ST. CLOUD, Minn. — The doors to the National Hockey Center officially opened Friday night, but unfortunately for Northern Michigan, the rink operator forgot to open up the net behind St. Cloud State goaltender Tim Boron.
Or maybe it was the Husky defense that held the keys. Whatever the case, Boron turned away 18 relatively easy shots and St. Cloud State saw second-period goals from Andrew Gordon and Matt Gens hold up as the Huskies defeated Northern Michigan 2-1 before 5,854 hockey-starved fans in central Minnesota.
“We’ve only given up one even-strength goal in our first three games, that’s pretty good.” said St. Cloud State head coach Craig Dahl, whose team began the season last weekend with a 1-1 tie with St. Lawrence and a 3-1 win over Ohio State.
Andrew Contois scored a power-play goal for the Northern Michigan with just over five minutes to go in the third, but that was the only puck to elude Boron and the Husky ‘D,’ which has looked impressive in the first three games of 2004-05.
“They played better than us tonight,” said Northern Michigan head coach Walt Kyle, who watched his Wildcats get outshot 34-19 on the night and 14-3 in that decisive second period. “It’s as simple as that.”
Both teams had quality chances in the first. Northern Michigan goaltender Tuomas Tarkki used his back to stop Billy Hengen from close in then squeezed his pads on a Justin Fletcher shot from the point shortly after. Boron made his best save of the night just as the period expired, sliding across to stop Dirk Southern’s shot after losing his stick.
After 20 scoreless minutes, Gordon put some ink on the score sheet early on in the second. Joe Jenson carried the Wildcat zone, hit the brakes and fired a shot on Tarkki, who made the save but left a juicy rebound just to his left. Gordon crashed the net and had the puck hit off his chest and ricochet into the net.
“I visualized myself scoring all day,” said Gordon, who scored a breakaway goal last Sunday in the Huskies 3-1 win over the Buckeyes. “For that to come true in my first game here is pretty cool.”
Gens made it 2-0 midway through the period after Southern’s hooking penalty gave the Huskies a brief 5-on-3 advantage. The Huskies circled the puck around to Dave Iannazzo, and Gens made his way to the top of the slot, took a pass from Iannazzo and blasted it over Tarkki’s glove just as the two-man advantage expired.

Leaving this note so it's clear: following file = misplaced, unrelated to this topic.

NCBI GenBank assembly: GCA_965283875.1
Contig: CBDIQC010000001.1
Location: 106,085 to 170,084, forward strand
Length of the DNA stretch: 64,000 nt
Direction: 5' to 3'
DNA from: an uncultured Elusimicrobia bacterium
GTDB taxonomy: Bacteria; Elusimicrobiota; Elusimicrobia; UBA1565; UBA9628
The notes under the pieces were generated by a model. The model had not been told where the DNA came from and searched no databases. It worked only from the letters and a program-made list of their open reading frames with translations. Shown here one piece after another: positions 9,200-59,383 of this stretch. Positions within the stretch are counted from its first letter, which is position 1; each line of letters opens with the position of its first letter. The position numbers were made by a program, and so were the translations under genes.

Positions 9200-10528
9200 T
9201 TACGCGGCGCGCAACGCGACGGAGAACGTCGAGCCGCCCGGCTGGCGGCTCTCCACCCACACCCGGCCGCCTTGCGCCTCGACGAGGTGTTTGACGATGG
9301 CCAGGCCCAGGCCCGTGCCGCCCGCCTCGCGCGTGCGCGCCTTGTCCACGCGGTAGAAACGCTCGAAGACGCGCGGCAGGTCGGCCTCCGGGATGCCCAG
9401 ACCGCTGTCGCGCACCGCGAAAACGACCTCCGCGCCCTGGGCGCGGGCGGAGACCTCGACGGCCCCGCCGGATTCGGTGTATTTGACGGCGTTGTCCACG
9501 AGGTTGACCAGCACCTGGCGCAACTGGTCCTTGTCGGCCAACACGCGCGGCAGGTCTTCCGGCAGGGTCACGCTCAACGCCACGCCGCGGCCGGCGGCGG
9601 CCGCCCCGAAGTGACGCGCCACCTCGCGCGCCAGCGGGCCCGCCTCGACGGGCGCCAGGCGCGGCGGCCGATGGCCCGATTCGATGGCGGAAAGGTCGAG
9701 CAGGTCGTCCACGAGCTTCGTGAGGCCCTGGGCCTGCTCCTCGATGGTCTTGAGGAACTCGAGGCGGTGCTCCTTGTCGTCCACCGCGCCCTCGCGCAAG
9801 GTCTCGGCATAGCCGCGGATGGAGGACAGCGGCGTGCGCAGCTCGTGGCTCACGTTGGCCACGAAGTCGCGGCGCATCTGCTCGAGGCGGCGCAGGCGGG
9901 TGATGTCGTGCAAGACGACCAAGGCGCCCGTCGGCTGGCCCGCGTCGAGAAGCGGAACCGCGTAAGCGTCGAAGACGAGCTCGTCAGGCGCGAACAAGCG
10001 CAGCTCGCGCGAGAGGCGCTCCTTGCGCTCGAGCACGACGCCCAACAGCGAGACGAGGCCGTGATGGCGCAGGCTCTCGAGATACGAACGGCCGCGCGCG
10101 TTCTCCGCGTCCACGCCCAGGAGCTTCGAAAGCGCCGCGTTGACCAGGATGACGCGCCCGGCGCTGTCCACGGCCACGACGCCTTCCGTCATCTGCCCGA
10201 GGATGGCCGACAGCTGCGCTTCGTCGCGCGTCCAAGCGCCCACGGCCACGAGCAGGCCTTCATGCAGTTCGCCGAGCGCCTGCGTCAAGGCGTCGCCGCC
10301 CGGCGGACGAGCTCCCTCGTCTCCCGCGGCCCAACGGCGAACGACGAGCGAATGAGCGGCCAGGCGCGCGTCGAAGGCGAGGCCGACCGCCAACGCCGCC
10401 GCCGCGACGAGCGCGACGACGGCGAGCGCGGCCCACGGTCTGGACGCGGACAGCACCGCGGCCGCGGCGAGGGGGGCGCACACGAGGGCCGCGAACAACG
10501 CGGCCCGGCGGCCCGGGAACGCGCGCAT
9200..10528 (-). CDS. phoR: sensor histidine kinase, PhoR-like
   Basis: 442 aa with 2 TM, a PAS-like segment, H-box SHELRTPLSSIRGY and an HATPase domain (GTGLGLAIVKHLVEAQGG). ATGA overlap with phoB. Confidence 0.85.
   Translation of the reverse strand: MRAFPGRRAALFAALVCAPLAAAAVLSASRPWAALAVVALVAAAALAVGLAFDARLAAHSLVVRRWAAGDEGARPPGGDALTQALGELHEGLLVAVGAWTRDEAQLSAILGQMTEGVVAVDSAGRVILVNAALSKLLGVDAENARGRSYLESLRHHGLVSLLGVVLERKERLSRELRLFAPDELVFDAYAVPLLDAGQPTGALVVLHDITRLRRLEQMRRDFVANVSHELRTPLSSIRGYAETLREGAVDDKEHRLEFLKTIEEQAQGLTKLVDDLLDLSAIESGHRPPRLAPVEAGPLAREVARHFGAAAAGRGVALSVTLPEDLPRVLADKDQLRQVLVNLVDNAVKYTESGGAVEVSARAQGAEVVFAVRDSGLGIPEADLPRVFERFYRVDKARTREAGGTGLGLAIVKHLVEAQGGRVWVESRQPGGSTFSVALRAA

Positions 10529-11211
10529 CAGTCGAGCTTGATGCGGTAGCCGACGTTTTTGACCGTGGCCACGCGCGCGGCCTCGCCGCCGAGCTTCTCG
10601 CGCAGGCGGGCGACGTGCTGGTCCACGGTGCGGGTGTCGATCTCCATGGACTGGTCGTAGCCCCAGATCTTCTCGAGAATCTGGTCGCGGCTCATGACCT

Northern Michigan couldn’t take advantage of a few opportunities early in the third and by the time Contois scored to make it a one-goal game with 5:19 to play, the Huskies had regained that defensive dominance.
“That was a very good defensive effort by our team and for two and a half periods we had pretty good jump,” said Dahl. “We were a little disappointed with the first 10 minutes of the third, just from the standpoint that we didn’t have the same energy.”
They didn’t have much left when Contois ended Boron’s shutout bid. After finishing off 43 seconds of 4-on-4 the Huskies couldn’t get a change as Northern Michigan went on the power play. Boron stopped a shot from his right, but the rebound bounced out to Contois, who was left alone. He hit the post on his first attempt before burying the rebound.
“There wasn’t much I could do,” said Boron, who has only given up two goals in his first two appearances this year. “I got a piece of it but I just couldn’t get over.”
His defense did the rest, not allowing Kyle to pull Tarkki until there were just 18 ticks left on the clock and getting in the way of the Wildcats’ final two chances of the night.
“The defense played great in front of me,” said Boron.
They’ll try to do the same for Jason Montgomery Saturday night, as Dahl plans on rotating the two goaltenders until one emerges. Boron is making his case, so Montgomery will try to have a repeat of his performance from last Sunday, when he allowed a single goal to the Buckeyes.
“If we keep allowing just one, I’ll take it,” said Montgomery Friday night.
His team most likely will too.